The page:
13. The Sunwide Respondents offered to purchase shares at a substantial premium only after receiving from the shareholders payment for a "refundable vendors bond", which purported to "guarantee" the purchase of the shares by Sunwide. In some cases, Sunwide also required payment to it of a fee representing the capital gains tax that would supposedly be incurred on the sale of the shares.

14. The Sunwide Respondents also solicited investors to “exercise” warrants that the Sunwide Respondents claimed were available to the shareholders based on their existing shareholdings. The Sunwide Respondents claimed that they would purchase from investors the shares allotted by the exercise of the warrants at a substantial premium only after first receiving from the investors payment of the exercise-price funds.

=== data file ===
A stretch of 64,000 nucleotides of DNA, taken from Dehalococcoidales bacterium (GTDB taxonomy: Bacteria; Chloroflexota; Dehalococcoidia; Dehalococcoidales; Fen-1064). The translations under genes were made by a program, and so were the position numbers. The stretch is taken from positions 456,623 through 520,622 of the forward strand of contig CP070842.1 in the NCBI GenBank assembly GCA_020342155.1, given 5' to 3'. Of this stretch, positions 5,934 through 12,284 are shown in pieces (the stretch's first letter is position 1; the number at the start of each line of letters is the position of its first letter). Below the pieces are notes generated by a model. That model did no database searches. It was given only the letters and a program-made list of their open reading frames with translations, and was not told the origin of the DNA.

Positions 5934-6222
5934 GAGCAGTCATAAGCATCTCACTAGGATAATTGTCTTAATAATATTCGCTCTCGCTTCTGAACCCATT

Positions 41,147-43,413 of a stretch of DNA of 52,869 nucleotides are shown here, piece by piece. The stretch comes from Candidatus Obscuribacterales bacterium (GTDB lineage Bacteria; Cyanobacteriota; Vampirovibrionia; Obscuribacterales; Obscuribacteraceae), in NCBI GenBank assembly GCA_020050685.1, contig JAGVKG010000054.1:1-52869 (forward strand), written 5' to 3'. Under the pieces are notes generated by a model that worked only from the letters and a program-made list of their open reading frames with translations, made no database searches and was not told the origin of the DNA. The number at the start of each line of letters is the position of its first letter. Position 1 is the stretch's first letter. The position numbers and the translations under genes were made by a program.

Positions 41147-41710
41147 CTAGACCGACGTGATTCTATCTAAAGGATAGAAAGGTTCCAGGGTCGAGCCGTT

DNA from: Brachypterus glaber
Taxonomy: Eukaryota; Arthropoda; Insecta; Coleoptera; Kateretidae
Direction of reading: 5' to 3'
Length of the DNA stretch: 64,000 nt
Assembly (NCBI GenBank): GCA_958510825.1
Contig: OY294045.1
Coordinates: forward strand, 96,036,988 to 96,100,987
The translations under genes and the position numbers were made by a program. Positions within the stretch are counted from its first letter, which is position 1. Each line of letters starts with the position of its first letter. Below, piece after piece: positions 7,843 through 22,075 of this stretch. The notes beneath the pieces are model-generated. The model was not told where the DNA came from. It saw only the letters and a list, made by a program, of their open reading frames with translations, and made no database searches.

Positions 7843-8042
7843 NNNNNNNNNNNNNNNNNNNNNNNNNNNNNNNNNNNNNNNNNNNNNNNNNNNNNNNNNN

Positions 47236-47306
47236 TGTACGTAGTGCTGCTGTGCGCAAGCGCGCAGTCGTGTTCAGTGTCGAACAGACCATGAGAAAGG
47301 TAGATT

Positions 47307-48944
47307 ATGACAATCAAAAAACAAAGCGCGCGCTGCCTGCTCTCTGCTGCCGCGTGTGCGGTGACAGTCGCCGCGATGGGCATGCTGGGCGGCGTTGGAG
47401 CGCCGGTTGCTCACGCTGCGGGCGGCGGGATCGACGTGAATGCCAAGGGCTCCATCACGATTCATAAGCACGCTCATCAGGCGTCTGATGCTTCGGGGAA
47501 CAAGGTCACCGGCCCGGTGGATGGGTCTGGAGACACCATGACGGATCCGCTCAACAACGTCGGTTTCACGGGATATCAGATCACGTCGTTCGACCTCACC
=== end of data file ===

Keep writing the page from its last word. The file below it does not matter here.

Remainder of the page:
15. Sunwide, after collecting the funds from investors, never performed its commitment to purchase the securities at the substantial premium or at all.

16. Sunwide claimed to be conducting its business from Toronto, Ontario and the “securities purchase agreement” provided to investors, supposedly guaranteeing the share re-purchase, purports to be subject to the laws of the “State of Ontario, Canada”.

Breach of Ontario Securities Law

17. The Sunwide Respondents have breached Ontario securities law by:
a. trading and advising in securities without registration, prospectus, or an appropriate exemption from the registration requirements contrary to ss. 25 and 53 of the Securities Act, R.S.O. 1990, c. S.5 (the “Act”);

b. making prohibited representations to re-purchase securities contrary to s. 38 of the Act; and

c. making misrepresentations to re-purchase the shares knowing or having reasonably ought to have known that they would result in a fraud on a person contrary to s. 126.1 of the Act.